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Natali Bravo-Barbee – Flores de Femicidio

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Natali Bravo-Barbee – Flores de Femicidio

The Prussian Blue cyanotype flowers of Natali Bravo-Barbee looked steadily at me from the wall. Part of the If Only exhibit at the Olive Free Library, the blue and white florals, each entirely themselves, intimated a deeper story. A body tag, shaped like those found in a morgue, hangs down from each Femicide Floral. Each tag names one of the 327 Argentinian women murdered by men in 2019. Sometimes found in trash cans by their loved ones, thrown away in the violence borne of the “machismo, jealousy, sense of superiority and entitlement,” their perpetrators usually are not punished for their crime. Born in Argentina, raised in Queens, Natali Bravo-Barbee hand-makes each flower, strewing the materials all over her apartment in a camera-less process that “captures shadows of what once was.” She pulls from the ancient ritual of placing flowers at the graves of loved ones; she notes we have pollen-related evidence of Neanderthal offerings as far back as 62000 BCE. We use flowers, she says, to honor the memory of loved ones, to symbolize life and death, and to honor our own grief. Story-teller, photographer, and mother of a 1 year old baby boy, Natali Bravo-Barbee says,”Sometimes I make the work with my baby on my hip.” She thanks her support network: her husband and artist assistants/friends who make it possible to spend the 10 hours each unique flower requires. A grant given to her by the Queens Council on the Arts was also crucial. When all 327 flowers are complete, Natali Bravo-Barbee hopes to display the complete work as both an installation that acts as a memorial and as a book that dives deeper into the stories and identities of those we have lost. She speaks of these girls and women, whose stories she gleans from newspapers and from the comments and photos their families provide, with tremulous feeling, shared by all who witness the somber, beautiful Flores de Femicidio.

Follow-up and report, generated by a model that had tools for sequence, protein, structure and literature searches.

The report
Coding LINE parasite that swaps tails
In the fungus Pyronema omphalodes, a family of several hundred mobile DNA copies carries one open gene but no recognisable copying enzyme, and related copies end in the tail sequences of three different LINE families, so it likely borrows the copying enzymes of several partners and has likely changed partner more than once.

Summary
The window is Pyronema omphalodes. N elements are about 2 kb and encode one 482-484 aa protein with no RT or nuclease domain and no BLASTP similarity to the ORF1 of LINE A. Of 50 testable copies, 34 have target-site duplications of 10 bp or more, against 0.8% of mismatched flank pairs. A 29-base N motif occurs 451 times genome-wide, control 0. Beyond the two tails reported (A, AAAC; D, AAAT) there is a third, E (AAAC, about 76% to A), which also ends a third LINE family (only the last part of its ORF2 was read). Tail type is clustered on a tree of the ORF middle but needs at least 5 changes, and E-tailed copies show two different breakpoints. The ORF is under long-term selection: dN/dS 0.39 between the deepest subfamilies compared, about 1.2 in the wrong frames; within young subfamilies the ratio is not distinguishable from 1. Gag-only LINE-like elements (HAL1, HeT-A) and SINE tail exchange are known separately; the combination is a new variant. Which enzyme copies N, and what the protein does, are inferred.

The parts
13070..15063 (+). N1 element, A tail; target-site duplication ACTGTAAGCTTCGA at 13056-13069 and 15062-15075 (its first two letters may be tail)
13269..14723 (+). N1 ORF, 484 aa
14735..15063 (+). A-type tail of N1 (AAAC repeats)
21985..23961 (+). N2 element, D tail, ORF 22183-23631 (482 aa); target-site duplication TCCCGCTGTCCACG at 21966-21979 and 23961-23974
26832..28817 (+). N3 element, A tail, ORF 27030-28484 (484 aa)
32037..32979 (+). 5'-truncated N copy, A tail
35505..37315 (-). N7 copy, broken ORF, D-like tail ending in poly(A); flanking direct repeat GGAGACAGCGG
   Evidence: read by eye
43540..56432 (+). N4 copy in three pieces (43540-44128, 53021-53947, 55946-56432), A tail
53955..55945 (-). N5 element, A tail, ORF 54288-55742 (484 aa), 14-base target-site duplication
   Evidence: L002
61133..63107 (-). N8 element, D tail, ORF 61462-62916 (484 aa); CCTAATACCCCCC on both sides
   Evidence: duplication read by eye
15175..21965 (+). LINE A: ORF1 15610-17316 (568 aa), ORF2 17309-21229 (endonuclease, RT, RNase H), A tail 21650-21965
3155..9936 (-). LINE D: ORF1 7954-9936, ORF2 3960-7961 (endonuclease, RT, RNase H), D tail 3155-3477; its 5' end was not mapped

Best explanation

Project Statement

By the time you finish reading this sentence, a femicide has occurred. My most recent project Flores de Femicidio examines gender-based violence against women in Argentina, my country of origin. There was a sudden increase in femicides in Argentina, in 2019; one woman was murdered every 27 hours.

This is important to me because history repeats itself. I experienced domestic violence in my home as a child and then in a personal relationship when I was older. We had both been exposed to domestic violence at home with our parents and went on to repeat that learned behavior in our relationship as adults: I was lucky to have had the proper police intervention and protection to be alive today to tell the stories of women who were not as lucky.

I began researching femicides occurring in Argentina during January 2019 and created an archive for each woman/victim. This archive includes journalism surrounding the murders, as well any traces of the victims found on social media. Once I had a sense of their story, I memorialized them by creating a 3-dimensional cyanotype flower, with a label that honors each woman by her name. These objects serve as a manifestation/embodiment of the lost women. Flores de Femicidio is an on-going project to be completed in 2021 with QCA New Works Grant.


Natali Sabina Bravo-Barbee (born, Córdoba, Argentina) creates works at the boundary of photography and sculpture. Bravo-Barbee has been photographing her world since the age of fifteen, incorporating alternative processes such as cyanotype into her practice.

Bravo-Barbee holds an MFA from City College, CUNY and a BA, Studio Art from Hunter College, CUNY​. She ​lives and works in Queens, New York and is on the committee of the Southeast Queens Artist Alliance (SEQAA).


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